Construction going on in the city.

During a construction project, many different types of disputes may arise between the parties.  A contractor may claim entitlement to additional contract time and/or additional compensation because of changed conditions, extra work, delay, acceleration, lost productivity, defective plans and specifications, and the like.  Similarly, an owner may claim damages for defective work and/or a contractor’s failure to complete the work on time.  In addition, the owner or the contractor may have reason to make claim against the project’s architect or engineer due to a deficient design and/or a failure to properly provide construction administration services.

Our Construction Contract Dispute Practice Group typically assists general contractors, construction managers, subcontractors and/or suppliers with any of the foregoing issues, but occasionally we assist owners and/or design professionals as well.


Today, having good, written contracts is a must.  No longer should anyone rely upon “handshake” or verbal contracts.  Verbal agreements are legally binding, but the lack of a written contract increases the potential that the parties may disagree upon their respective duties and obligations.  By putting everything in writing, the parties reduce the potential for costly disagreements.

There are many commercially available contract templates that can be purchased – the American Institute of Architects AIA Series being the most widely used – but these documents need to be tailored for your specific situation.  These contracts establish many important considerations such as the timing for payment, change order procedures, requirements for substantial completion, suspension, termination, and dispute resolution.  The standard language may not be in your best interest in every situation.  You should review these documents with a qualified professional before assuming they fit your needs.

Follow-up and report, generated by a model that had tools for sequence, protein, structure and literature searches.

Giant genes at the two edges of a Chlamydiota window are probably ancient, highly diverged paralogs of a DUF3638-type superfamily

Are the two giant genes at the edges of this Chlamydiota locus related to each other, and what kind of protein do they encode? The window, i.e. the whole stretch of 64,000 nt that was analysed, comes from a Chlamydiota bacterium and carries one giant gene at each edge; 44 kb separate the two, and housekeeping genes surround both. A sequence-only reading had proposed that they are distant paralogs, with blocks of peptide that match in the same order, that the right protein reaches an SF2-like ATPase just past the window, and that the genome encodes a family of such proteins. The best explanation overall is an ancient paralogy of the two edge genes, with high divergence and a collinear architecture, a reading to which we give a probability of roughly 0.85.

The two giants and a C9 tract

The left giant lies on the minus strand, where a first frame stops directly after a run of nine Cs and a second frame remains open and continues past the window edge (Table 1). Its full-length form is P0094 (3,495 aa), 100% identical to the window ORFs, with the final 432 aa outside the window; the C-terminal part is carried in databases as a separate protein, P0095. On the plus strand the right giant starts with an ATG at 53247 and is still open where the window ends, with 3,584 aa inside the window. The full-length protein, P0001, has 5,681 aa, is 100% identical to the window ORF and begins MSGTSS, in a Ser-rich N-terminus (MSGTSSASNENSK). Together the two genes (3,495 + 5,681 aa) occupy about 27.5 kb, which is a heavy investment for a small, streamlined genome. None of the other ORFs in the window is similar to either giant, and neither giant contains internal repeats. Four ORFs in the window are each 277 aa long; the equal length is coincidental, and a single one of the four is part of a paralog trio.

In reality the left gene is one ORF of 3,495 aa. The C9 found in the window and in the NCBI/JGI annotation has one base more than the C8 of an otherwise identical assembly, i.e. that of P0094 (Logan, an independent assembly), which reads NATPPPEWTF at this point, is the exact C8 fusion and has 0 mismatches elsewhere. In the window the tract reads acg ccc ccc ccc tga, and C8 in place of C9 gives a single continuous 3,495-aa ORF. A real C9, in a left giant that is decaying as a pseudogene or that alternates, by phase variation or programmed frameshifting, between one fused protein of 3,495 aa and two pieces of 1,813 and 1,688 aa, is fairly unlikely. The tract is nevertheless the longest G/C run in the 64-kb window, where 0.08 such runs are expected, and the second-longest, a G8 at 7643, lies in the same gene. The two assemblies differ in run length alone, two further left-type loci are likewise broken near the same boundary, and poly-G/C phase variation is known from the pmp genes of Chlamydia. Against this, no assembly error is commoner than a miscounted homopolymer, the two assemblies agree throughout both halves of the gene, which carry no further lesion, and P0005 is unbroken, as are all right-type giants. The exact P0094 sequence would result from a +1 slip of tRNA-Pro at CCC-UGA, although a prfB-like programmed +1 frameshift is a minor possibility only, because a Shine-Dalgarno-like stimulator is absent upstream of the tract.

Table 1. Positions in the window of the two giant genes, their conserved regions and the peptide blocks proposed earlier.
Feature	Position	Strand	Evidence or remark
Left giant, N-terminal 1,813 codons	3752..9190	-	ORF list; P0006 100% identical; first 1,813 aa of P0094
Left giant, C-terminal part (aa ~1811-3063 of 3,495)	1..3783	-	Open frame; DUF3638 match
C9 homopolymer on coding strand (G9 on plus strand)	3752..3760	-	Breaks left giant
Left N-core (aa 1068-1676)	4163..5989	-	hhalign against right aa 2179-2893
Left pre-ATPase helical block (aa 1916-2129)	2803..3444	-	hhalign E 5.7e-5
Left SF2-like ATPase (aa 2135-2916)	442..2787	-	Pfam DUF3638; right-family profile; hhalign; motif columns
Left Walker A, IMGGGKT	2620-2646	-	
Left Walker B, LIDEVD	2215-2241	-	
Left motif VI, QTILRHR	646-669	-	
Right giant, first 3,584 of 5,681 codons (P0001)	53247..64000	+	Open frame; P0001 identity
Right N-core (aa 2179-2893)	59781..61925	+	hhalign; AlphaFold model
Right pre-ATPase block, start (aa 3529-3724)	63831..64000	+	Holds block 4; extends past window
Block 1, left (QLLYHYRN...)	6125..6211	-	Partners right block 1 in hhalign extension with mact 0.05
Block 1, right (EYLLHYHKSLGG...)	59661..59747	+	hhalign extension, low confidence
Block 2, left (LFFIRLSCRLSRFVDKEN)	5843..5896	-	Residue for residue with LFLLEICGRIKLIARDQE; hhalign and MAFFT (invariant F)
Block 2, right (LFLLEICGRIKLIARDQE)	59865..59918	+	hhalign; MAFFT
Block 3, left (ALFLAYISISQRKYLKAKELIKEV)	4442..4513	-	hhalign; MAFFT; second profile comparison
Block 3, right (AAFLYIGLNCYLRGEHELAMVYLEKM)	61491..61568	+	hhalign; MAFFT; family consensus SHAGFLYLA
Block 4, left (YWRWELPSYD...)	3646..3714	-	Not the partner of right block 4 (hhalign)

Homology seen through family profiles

Contractors, construction managers, and/or subcontractors are often presented with contracts that they are told are not subject to negotiation.  Nonetheless, at a minimum, you should review these agreements with a qualified professional to make sure you understand their ramifications.  You may also attempt to renegotiate the more egregious provisions, and, if necessary, consider walking away from the work if the proposed contract is completely unreasonable.

Our years of managing construction projects and litigating construction contract disputes make us uniquely qualified to advise our clients regarding construction contract issues.


The outcome of a construction contract dispute is often largely decided before a complaint or a demand for arbitration is filed.  Actions taken during a project may affect the final outcome.  Generally speaking, the failure to issue a progress payment when due and/or grant a legitimate request for an extension of time are considered material breaches of a contract; the failure to comply with contractual notice requirements may result in the waiver of a claim; and the failure to follow a contractual termination procedure results in a wrongful termination.  Moreover, receiving the proper advice as a claim develops may prevent the situation from reaching the point where litigation is required.

We routinely advise clients on how to handle developing or ongoing problems so that litigation may be avoided, or how to  best position themselves when litigation becomes necessary.



Anyone that supplies labor, materials, and/or services to a construction project is entitled to be paid for their work.  Mechanic’s liens and payment bonds both supply security for that debt.  In many states, architects and engineers may also file mechanic’s liens.

Mechanic’s liens provide an attachment to real property in the same manner as a mortgage.  Unfortunately, each state has its own procedure for establishing and perfecting a mechanic’s lien.  Although mechanic’s liens were initially envisioned as something that a contractor would be able to handle on its own without the aid of an attorney, judicial interpretations of the rules have laid many traps for the unwary.  Therefore, you should consult with a trained professional before filing a mechanic’s lien.